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Noam Chomsky. Necessary Illusions: Thought Control In Democratic Societies (Massey Lecture) [ABRIDGED]

Posted By: synapsedkb

The Massey Lectures given by Noam Chomsky were aired by the Canadian Broadcasting Corporation (CBC) from November 28 - December 2, 1988. Chomsky's book Necessary Illusions (South End Press, 1989) is based on those talks. The Massey Lectures are a prestigious annual event in Canada, in which a noted Canadian or international scholar gives a week-long series of lectures on a political, cultural or philosophical topic. Some of the most famous Massey Lecturers have included Northrop Frye, Michael Ignatieff, Noam Chomsky, Jane Jacobs, John Ralston Saul and Martin Luther King, Jr. They were created in 1961 to honour Vincent Massey, Governor General of Canada.

Beginning with his critique of the Vietnam War in the 1960s, Chomsky has become more widely known - especially internationally - for his media criticism and radical politics than for his linguistic theories. He is generally considered to be a key intellectual figure within the left wing of United States politics. According to the Arts and Humanities Citation Index, between 1980 and 1992 Chomsky was cited as a source more often than any other living scholar, and the eighth most cited scholar overall. Chomsky is widely known for his political activism, and for his criticism of the foreign policy of the United States and other governments. Chomsky describes himself as a libertarian socialist and a sympathizer of anarcho-syndicalism (he is a member of the IWW).

Chomsky has acquired many critics from both the right and left ends of the political spectrum. Despite his Jewish heritage he has been accused of "anti-semitism" for his views on Israel's foreign policy and his involvement in the Faurisson affair, among other issues. Chomsky has argued that his actions in the Faurisson affair were limited to a defense of the rights of free expression of someone he disagrees with, and that critics subsequently subjected this limited defence to various interpretations. His critics contend that Chomsky went further than a defence of free speech, effectively protecting the character of a holocaust denier as well as supporting the legitimacy of his research.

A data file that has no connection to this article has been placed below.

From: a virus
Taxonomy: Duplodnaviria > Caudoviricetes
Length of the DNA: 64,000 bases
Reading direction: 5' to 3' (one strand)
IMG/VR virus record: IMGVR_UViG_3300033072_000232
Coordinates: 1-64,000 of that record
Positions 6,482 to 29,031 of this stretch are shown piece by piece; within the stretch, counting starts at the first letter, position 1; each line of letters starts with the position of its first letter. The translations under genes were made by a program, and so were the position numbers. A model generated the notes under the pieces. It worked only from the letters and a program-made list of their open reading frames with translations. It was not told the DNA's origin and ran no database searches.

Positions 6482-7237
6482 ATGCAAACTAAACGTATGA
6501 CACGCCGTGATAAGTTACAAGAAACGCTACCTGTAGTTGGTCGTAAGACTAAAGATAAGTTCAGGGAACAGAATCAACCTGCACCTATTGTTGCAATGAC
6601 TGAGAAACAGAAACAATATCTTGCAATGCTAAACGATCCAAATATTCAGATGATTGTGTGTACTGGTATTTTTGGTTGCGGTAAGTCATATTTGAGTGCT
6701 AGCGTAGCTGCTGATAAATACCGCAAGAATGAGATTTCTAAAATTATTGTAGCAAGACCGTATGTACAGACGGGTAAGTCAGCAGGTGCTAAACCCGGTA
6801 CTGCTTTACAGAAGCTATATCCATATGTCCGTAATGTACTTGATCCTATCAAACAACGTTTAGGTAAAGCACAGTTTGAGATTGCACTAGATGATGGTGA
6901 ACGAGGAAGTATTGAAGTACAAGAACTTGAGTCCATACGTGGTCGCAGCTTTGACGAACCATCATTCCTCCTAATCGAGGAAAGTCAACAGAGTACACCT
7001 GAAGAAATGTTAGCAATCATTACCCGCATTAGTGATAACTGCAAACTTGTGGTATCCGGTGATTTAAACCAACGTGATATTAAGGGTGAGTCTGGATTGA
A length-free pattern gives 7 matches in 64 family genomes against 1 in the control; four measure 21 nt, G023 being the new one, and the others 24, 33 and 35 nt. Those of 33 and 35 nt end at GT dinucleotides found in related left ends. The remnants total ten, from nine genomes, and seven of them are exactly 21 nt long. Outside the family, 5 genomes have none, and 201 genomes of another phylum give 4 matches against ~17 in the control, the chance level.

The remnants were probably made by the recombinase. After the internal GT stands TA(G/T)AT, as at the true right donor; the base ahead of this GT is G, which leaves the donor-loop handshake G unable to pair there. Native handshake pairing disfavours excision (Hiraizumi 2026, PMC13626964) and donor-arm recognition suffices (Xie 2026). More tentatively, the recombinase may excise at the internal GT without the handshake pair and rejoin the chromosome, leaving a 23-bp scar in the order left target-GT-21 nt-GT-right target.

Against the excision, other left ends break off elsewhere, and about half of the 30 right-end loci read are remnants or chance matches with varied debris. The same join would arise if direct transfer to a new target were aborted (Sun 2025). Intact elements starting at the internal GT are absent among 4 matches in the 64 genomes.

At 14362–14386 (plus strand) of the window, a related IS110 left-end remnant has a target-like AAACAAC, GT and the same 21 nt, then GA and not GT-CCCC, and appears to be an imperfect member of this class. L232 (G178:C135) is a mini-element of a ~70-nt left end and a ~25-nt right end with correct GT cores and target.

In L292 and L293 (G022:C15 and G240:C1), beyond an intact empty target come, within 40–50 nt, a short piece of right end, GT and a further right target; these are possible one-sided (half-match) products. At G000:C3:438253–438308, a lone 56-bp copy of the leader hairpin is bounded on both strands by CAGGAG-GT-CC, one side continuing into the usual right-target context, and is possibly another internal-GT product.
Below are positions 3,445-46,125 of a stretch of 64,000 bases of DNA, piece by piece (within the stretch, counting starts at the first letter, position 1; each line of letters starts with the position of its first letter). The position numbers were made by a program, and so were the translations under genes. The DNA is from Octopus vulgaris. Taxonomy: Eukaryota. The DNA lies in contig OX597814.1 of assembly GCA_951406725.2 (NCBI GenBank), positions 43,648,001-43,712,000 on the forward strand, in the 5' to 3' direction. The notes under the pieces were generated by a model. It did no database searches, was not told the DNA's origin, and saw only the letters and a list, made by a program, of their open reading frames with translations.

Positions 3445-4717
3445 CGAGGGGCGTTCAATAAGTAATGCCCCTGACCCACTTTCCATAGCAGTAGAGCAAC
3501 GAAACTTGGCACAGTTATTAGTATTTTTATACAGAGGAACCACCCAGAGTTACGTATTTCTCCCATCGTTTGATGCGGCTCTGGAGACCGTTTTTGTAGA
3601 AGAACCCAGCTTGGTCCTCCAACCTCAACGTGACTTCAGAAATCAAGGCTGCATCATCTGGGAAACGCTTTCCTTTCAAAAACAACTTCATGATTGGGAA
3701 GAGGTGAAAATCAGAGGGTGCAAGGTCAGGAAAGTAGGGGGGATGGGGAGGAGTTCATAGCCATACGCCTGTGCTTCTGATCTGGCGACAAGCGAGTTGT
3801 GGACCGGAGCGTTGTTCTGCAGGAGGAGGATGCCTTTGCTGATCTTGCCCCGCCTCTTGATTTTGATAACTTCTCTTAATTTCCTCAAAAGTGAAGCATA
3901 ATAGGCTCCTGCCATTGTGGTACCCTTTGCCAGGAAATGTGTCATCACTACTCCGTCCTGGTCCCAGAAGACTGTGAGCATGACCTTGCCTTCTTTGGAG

Necessary Illusions is very persuasive. Most members of the public should not be surprised that media manipulation occurs. The same old faces appear on “The News Hour”. Client states (e.g., Samosa or Saddam Hussein) are hardly what they appear to be. Rupert Murdoch’s News Corp continues to spread and brazenly follows its own interests (e.g., attempts to quash Chris Patton’s book on Hong Kong to avoid offending the Chinese government and loosing Murdoch’s large television market). The real surprise comes in seeing the scope of media manipulation in stark black and white.

The next question is why has it happened and what can be done about it. The answers are the cause for Chomsky’s unsatisfying proposal. Most people are quite happy to have their opinions formed for them, especially if they are content economically and socially. Others ignore the issue out of cynicism. This suggests little success for Chomsky’s proposal to change the social order. Chomsky wrote Necessary Illusions in 1989. I wonder what he thinks about talk shows, the Internet, and The Drudge Report, or the fact that I found a ‘pirate’ Web Page exposing the evils of Rupert Murdoch?

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